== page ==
ORLANDO – Six of the 16 Florida municipal electric utilities that are part of one of the largest municipal-backed solar projects in the nation reached a milestone in reducing power plant emissions after the first two solar sites in the Florida Municipal Solar Project completed their first year of operations. The group celebrated the milestone today with a tour of the Harmony Solar Energy Center, which provides 74.5 megawatts of emission-free energy.
“FMPA and its members are committed to providing clean energy with diverse fuel sources that ensure affordable and reliable electricity,” said Jacob Williams, general manager and CEO of the Florida Municipal Power Agency (FMPA). “Over the last year, we took a major step forward in reducing emissions in a cost-effective way by bringing these two solar farms online.”
The Harmony Solar Energy Center in St. Cloud and the Taylor Creek Solar Energy Center in east Orange County near Wedgefield came online in June 2020 and provide zero-emissions energy to six Florida cities, including Fort Pierce, Jacksonville Beach, Key West, Kissimmee, Ocala and Orlando.
Project Provides Affordable Solar and Environmental Benefits
The large-scale solar project enables participants to provide solar energy to customers in the most cost-effective way. The cost of solar power from the project is approximately one-third the cost of a typical private, rooftop solar system.
Over the past year, the Harmony and Taylor Creek solar sites have generated more than 370,000 megawatt hours, enough energy to power approximately 31,576 homes per year. The sites have also reduced carbon emissions equivalent to:
- Eliminating 262,213 metric tons of carbon dioxide
- Taking more than 57,000 vehicles off the road annually
- Planting 4.3 million trees in 10 years
Additional Solar Sites on the Way
Participants of the Florida Municipals Solar Project plan to add three more solar farms. When the first two phases are complete in late 2023, the project will total approximately 1.5 million solar panels that will have the capability to generate nearly 375 megawatts on more than 3,000 acres of land. That is enough solar energy to power approximately 75,000 homes.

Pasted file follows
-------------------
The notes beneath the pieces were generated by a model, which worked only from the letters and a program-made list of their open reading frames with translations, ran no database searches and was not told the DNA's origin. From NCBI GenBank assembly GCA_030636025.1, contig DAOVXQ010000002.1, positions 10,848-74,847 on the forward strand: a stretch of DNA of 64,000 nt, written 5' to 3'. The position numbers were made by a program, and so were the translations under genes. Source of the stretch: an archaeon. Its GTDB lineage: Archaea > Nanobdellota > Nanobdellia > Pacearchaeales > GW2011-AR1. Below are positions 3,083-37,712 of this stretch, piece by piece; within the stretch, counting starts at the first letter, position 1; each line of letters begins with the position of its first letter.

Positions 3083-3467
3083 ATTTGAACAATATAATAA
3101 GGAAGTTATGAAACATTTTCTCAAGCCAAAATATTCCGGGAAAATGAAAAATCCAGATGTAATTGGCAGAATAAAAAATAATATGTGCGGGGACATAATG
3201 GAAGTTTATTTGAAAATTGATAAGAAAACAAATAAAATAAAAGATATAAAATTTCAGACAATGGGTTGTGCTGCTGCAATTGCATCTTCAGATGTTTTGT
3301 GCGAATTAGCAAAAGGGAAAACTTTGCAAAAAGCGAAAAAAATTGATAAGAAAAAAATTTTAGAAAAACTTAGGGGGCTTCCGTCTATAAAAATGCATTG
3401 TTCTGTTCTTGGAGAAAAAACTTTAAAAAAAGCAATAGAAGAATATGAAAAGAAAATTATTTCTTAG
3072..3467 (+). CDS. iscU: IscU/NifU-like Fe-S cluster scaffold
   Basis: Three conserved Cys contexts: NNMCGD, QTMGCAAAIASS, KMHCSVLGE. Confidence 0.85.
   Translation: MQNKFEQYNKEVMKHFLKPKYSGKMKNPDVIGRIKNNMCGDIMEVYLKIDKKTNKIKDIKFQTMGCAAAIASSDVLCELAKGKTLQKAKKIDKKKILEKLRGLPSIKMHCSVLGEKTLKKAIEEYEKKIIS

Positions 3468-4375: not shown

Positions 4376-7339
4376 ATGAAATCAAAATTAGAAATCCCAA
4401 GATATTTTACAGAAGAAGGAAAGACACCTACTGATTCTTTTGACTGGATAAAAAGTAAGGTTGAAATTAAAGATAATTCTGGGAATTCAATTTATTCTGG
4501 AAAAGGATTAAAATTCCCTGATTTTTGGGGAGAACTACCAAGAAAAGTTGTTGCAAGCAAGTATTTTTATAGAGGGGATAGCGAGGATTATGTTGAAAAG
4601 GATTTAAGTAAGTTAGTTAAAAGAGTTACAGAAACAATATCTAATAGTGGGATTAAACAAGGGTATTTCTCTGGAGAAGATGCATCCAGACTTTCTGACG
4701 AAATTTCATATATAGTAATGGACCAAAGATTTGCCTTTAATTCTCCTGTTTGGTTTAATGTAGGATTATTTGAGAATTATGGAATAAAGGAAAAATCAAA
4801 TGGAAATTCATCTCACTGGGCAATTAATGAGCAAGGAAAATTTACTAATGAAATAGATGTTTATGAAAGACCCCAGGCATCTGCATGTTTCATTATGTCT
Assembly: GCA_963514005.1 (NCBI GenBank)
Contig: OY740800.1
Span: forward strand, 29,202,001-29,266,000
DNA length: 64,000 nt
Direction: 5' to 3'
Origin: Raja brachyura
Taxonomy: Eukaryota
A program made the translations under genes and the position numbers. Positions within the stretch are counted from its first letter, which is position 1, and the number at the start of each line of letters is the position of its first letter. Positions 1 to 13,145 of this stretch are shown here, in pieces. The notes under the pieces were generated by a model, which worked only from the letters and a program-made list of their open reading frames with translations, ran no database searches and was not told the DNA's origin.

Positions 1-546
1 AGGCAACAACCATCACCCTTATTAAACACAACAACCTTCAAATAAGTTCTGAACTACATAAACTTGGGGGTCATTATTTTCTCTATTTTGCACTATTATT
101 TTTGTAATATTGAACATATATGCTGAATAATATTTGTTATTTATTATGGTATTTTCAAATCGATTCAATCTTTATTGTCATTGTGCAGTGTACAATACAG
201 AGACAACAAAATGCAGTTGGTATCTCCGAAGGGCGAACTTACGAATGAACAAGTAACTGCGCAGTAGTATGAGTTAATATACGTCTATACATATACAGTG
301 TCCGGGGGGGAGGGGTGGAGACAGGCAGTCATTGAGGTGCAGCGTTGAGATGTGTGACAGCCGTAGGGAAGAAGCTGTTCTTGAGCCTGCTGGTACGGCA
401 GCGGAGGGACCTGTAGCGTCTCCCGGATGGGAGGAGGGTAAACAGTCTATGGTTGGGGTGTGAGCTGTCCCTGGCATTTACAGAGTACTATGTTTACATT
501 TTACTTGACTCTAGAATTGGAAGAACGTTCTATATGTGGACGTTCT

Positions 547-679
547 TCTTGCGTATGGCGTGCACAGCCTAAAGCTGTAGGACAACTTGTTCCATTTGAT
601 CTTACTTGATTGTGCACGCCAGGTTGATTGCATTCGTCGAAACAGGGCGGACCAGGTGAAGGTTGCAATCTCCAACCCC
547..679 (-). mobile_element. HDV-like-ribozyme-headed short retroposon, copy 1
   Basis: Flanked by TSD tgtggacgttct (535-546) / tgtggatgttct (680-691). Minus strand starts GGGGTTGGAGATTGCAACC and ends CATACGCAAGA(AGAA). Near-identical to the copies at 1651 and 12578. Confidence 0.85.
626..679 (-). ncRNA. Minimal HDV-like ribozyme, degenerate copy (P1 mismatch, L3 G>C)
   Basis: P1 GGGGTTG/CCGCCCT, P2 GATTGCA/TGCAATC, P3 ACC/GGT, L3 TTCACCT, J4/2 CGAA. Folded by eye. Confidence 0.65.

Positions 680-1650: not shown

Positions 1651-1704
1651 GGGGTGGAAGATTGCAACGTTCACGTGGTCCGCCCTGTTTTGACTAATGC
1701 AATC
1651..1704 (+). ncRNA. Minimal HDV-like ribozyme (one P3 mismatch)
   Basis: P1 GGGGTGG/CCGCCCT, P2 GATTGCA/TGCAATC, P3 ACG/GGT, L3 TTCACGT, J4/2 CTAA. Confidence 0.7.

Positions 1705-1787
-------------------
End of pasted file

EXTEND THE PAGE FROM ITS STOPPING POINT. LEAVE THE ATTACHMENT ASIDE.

This is the first large utility-scale solar project for FMPA and its members. The 16 local utilities that will purchase power from the project include: Alachua, Bartow, Beaches Energy Services (Jacksonville Beach), Fort Pierce Utilities Authority, Havana, Homestead, Keys Energy Services (Key West), Kissimmee Utility Authority, Lake Worth Beach, Mount Dora, New Smyrna Beach, Newberry, Ocala, Orlando Utilities Commission, Wauchula and Winter Park. These cities are member-owners of FMPA along with 15 other municipal utilities.
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The Florida Department of Environmental Protection is overseeing HRK's efforts to mange water onsite by reinstating daily piping and trucking of water to nearby water treatment facilities, and enhancing ongoing water management and treatment efforts at the site. The priority remains to pursue all available water management tools to ensure safe storage capacities for rainfall during the next months to avoid the risk of uncontrolled or untreated discharges from the site.
HRK continues to manage rainwater runoff through its permitted outfalls to the drainage ditch along Buckeye Road. This is rainwater, not wastewater from the compartment areas onsite. Samples of the stormwater are collected by HRK daily to ensure it meets the requirements of HRK’s discharge permit and water quality standards.
Key status updates and response activities: